Institute for War and Peace Reporting | Giving Voice, Driving Change
War of Words Over Frontier Killing
Diplomatic tensions are running high between Kyrgyzstan and Uzbekistan following the killing of a civilian on their common border last week.
Adyljan Urkinbaev, a 21-year-old citizen of Kyrgyzstan, was shot dead by Uzbek frontier guards in the town of Karasuu – which straddles the border – at about six in the evening on July 16.
His death exemplified the growing problems facing people who want to cross the border to shop or visit relatives.
Urkinbaev earned a living by taking people across a home-made footbridge over the river Shahrihan-Sai which divides the town, and demarcates this part of the Kyrgyz-Uzbek border.
This unusual trade sprang up after December 2002, when the Tashkent authorities dismantled a major bridge, making it impossible for people to cross. The official reason was to impose quarantine restrictions to contain a flu epidemic, but locals saw it as a heavy-handed tactic designed to stop Uzbeks crossing into Kyrgyz territory to buy goods at a market there.
The Uzbek authorities have made it much harder to cross into Kyrgyzstan and Kazakstan since they imposed huge customs charges on imports last year, inadvertently encouraging Uzbeks to shop more cheaply just over the border.
The Uzbek closure has had a particularly big impact on Karasuu.
“Karasuu is a single town separated by a river in the middle,” Abdusattar Shayatov, mayor of the Kyrgyz part of the town, told IWPR. “One half is in Kyrgyzstan, the other in Uzbekistan. And virtually all the town’s residents are related to each other. But in order to get to the other part of town, people now need to take a detour of 40 kilometres, although it’s only 10 metres across the river.”
He added that many people drown trying to make the crossing, “One dies almost every day.”
Locals have rigged up improvised bridges and rope crossings across the Shahrikhan-Sai river. Three or four men work at each one, leading people across for 10-15 soms, about 25-35 US cents. On average, 50 or 60 people pass through each crossing point every day.
All this goes on under the gaze of the Uzbek border guards who are supposed to have sealed off the border. As one local man, Mahamadjan Kamilov, told IWPR, “The ‘ferrymen’, who are mainly Kyrgyz citizens, reach agreement with Uzbek border guards to allow unhindered passage for their clients, and in return the troops get a third of their takings.”
On the day Urkinbaev was killed, the unofficial guides approached the Uzbek soldiers for permission to take eight women across. But although the frontier guards had already taken their cut from the women, they stopped them and searched their bags, demanding more money.
After arguing fruitlessly with the soldiers, the ‘ferrymen’ retreated to their side of the border and began to throw stones at them. At that moment, several shots rang out from the Uzbek side. A bullet hit Urkinbaev in the stomach.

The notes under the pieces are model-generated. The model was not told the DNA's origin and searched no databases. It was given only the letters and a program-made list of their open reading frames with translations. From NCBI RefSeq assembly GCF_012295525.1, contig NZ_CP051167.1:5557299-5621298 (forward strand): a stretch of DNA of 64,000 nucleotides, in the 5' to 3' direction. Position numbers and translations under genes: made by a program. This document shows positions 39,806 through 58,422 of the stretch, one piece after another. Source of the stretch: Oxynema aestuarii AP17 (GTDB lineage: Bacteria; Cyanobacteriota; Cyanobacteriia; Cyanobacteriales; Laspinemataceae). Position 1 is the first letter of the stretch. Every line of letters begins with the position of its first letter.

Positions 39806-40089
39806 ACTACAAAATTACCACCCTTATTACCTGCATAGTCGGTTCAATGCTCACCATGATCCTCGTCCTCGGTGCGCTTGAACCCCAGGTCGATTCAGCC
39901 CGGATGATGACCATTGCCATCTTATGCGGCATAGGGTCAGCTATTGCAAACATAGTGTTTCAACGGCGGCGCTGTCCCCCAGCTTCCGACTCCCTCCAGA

The dead man came from a poor family, and supported his elderly mother and two sick brothers with the money he made. His family are too timid to protest out loud, but have written to the local Kyrgyz authorities. “We think that whatever the authorities do will be right thing,” said Urkinbaev’s brother, who suffers from tuberculosis.
On July 18, the Kyrgyz interior minister handed a formal note of protest to Uzbek ambassador Alisher Salahiddinov. Ministry official Almaz Idrisov told IWPR that it was too soon to talk about charging the soldier who killed Urkinbaev, “Uzbekistan has not yet responded in official terms, and we are awaiting the reaction of the authorities there.”
The Uzbek interior ministry has in fact made an official statement about the incident. A copy of it given to IWPR at Uzbekistan’s embassy in Bishkek said, “The Uzbek side believes that full responsibility for the incident that brought about the death of a Kyrgyz citizen lies with the Kyrgyz side.”
The Uzbek version of events, given in the statement, is that following “an illegal crossing of the border by a group of up to 40 Kyrgyz citizens, and an attack on an Uzbek border detachment, one of the attackers died from a gunshot wound”.
The statement says the Kyrgyz used Molotov cocktails, sticks and chains to attack the soldiers, injuring four.
“The inaction of the Kyrgyz authorities and border services is perplexing, since they take no action to prevent such incidents,” it said.
Police in Kyrgyzstan disagree. They are treating Urkinbaev’s death as a crime, and have opened a case. Colonel Erkin Esenaliev, deputy police chief in the Osh region, says his officers are being left to deal with cases which should properly be handled by the Kyrgyz military or the border guards.
“The problem is that our border effectively does not have the status of a state frontier, and is considered to be only administrative. And at present, [it] is practically unmarked. Kyrgyz guards are not actually protecting it,” said Esenaliev.
The Uzbek troops have gained a reputation for rough treatment of the civilians who want to get across the border.
“The slightest excuse is all it takes for their semi-literate soldiers to reach for their weapons,” said Azimjan Askarov, human rights activist from Jalalabad in southern Kyrgyzstan. “So it’s not surprising that Uzbek border guards shoot Kyrgyz citizens with impunity.”
The Kyrgyz interior ministry refused to tell IWPR how often such violent incidents take place, saying this was classified information.
Even this tragic death is unlikely to stop Karasuu’s ‘ferrymen’ from doing a brisk trade in border crossings. Many were angered when Urkinbaev died, but as one of them later told IWPR, “We will go on working here, it’s our source of income. And what can we do? If we protest, we will lose even the money we have.”
Ulugbek Babakulov is a human rights activist.
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